Frequently Asked Questions 155 communities considering incentive programs. If a program runs counter to federal policy, requirements, or guidance, the FAA will act to force the airport to correct those deficiencies. What are the most common types of ASD goals? Airports that were surveyed identified several general categories of ASD goals: Retaining existing service Adding service to a new destination Adding frequencies to current services Lowering fares/introducing new competitive service Improving service reliability Upgrading aircraft Increasing access to global networks Retaining existing service by incumbent carriers was the top goal identified by the airports surveyed. Are any particular ASD techniques more effective than others? Whether a particular ASD technique is "effective" or not depends largely on the airport's unique competitive situation and the carrier it is targeting. There are numerous factors that communities should weigh in making this decision. As this guidebook illustrates, some techniques worked well for certain communities with certain goals. Different airports can draw on those experiences, to the extent that they confront similar circumstances and pursue similar goals. One approach that is valuable in all situations is to ensure that the major local employers and stakeholders are involved. However, changing economic circumstances, both locally and throughout the national economy, can fundamentally alter the equations. How much should a community plan to spend on ASD? The amount that small community airports and their surrounding communities devote to ASD varies considerably, reflecting differences in air service activity, ASD goals, strategies, and the ability of stakeholders in the surrounding area to contribute. Small hub airports were generally able to provide more airport-originating funds than non-hub airports for ASD efforts. Contributions from the private sector and the federal government tended to be greater for non-hub airports. Small airports may devote over $100,000 to ASD, but that figure varies widely. What information does my airport need to present to an airline? Virtually all U.S. airlines have operations and enplanement data that are at least as detailed and timely as anything that an airport can provide to them. The airlines want to see information that they do not usually collect or to which they do not have easy access. This information could include items such as local economic and demographic data, details about local businesses and their travel habits, information about local civilian and military government facilities, and information about local tourist attractions that drive inbound leisure traffic. Airlines the study team spoke with said that they were most interested in economic and demographic information, as well as data on potential passenger demand. Does an airport really need to hire a consultant? Not necessarily, but most small airports may benefit from the expertise that consultants provide. Because ASD consultants generally have worked for at least one (and often several) airlines or airports, they have first-hand, inside knowledge about how the industry looks at air service opportunities. Consultants also can help assemble, analyze, and package information about the local market--data that the airlines generally do not gather themselves. If an airport does not have ready access to key sources of information and does not have in-house staff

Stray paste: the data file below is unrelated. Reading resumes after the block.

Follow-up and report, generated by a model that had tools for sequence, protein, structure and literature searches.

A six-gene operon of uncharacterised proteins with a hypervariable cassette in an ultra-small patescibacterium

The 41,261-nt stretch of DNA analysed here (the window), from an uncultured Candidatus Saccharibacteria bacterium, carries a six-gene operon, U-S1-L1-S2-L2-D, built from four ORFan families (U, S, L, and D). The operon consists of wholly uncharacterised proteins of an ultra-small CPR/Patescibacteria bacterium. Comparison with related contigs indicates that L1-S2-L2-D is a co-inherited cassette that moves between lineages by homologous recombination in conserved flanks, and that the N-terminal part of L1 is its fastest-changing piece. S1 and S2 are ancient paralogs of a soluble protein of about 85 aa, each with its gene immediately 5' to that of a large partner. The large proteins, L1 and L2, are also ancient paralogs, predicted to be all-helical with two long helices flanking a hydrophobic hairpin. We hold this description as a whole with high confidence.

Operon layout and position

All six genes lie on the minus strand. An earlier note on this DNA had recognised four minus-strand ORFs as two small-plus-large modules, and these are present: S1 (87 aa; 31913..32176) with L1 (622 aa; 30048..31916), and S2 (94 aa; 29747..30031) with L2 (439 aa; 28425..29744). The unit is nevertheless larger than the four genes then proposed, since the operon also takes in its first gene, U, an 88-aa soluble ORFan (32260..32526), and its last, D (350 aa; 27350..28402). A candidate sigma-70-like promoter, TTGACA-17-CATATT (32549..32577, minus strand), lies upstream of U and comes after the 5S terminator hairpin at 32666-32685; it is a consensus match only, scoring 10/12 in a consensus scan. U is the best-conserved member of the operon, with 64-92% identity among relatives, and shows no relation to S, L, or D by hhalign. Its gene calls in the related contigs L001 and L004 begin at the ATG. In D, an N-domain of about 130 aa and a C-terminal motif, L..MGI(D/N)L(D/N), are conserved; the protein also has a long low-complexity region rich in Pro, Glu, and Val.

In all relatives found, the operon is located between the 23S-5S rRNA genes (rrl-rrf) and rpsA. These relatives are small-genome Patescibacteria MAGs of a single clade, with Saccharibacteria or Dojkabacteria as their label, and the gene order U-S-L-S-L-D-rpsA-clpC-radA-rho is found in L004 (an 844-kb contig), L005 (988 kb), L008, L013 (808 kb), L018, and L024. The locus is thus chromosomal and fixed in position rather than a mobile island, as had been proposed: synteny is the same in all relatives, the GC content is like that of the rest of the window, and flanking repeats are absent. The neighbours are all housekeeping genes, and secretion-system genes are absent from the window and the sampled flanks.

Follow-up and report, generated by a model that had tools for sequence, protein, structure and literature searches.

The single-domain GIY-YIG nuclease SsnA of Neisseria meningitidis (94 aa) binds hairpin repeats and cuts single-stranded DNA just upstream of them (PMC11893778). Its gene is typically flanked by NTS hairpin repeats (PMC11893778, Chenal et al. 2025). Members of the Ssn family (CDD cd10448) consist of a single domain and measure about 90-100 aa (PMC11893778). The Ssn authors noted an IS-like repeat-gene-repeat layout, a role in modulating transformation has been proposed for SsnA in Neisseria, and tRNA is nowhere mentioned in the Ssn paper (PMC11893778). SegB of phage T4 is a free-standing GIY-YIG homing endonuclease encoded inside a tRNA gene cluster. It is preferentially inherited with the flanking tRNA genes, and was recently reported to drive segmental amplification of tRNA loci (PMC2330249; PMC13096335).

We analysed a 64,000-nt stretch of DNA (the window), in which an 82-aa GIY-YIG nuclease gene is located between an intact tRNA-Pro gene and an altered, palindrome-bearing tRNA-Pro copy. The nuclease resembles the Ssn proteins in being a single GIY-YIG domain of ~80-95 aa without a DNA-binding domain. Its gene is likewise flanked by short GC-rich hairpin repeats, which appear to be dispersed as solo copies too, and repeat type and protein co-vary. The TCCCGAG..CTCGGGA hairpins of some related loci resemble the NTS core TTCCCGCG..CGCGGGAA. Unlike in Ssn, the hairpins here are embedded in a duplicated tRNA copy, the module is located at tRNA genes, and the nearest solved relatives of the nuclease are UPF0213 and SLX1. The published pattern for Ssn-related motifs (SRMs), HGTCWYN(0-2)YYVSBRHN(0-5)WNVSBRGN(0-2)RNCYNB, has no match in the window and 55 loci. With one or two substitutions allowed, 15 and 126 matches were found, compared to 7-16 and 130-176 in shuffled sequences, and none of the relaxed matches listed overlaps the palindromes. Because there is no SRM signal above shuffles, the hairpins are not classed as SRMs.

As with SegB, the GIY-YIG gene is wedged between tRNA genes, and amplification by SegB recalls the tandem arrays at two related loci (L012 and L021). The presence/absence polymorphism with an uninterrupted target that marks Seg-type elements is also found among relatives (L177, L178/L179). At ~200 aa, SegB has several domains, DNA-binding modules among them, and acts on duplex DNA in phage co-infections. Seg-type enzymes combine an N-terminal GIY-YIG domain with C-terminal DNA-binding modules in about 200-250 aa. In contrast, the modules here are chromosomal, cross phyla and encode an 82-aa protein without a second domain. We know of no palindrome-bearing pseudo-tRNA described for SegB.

OCR for page 150
156 Passenger Air Service Development Techniques experienced with analyzing and presenting information, they likely could benefit from a con- sultant's services. How long should ASD efforts reasonably take before producing results? Communities should understand that ASD efforts can require well over a year and should adjust their expectations accordingly. Securing air service may require a prolonged effort--a number of industry conferences and headquarters meetings may be required. Depending on the service that a community seeks, it may need to begin by establishing a rapport with the targeted airline. The initial meeting is the first step in a process that may take a number of months or years. Do the ASD efforts really need to be evaluated? Evaluating results are an essential element of an ASD program, as it allows ASD teams to re-examine how well their efforts worked and decide what changes, if any, should be incorporated. There are several different measures of an effort's outcome to consider. These include both the immediate measures (e.g., Did service start? Did the carrier use a larger aircraft?), and also other measures of passenger acceptance and airport revenues generated (e.g., incremental parking fees). It is important to assess the effects of changes on the incumbent carriers.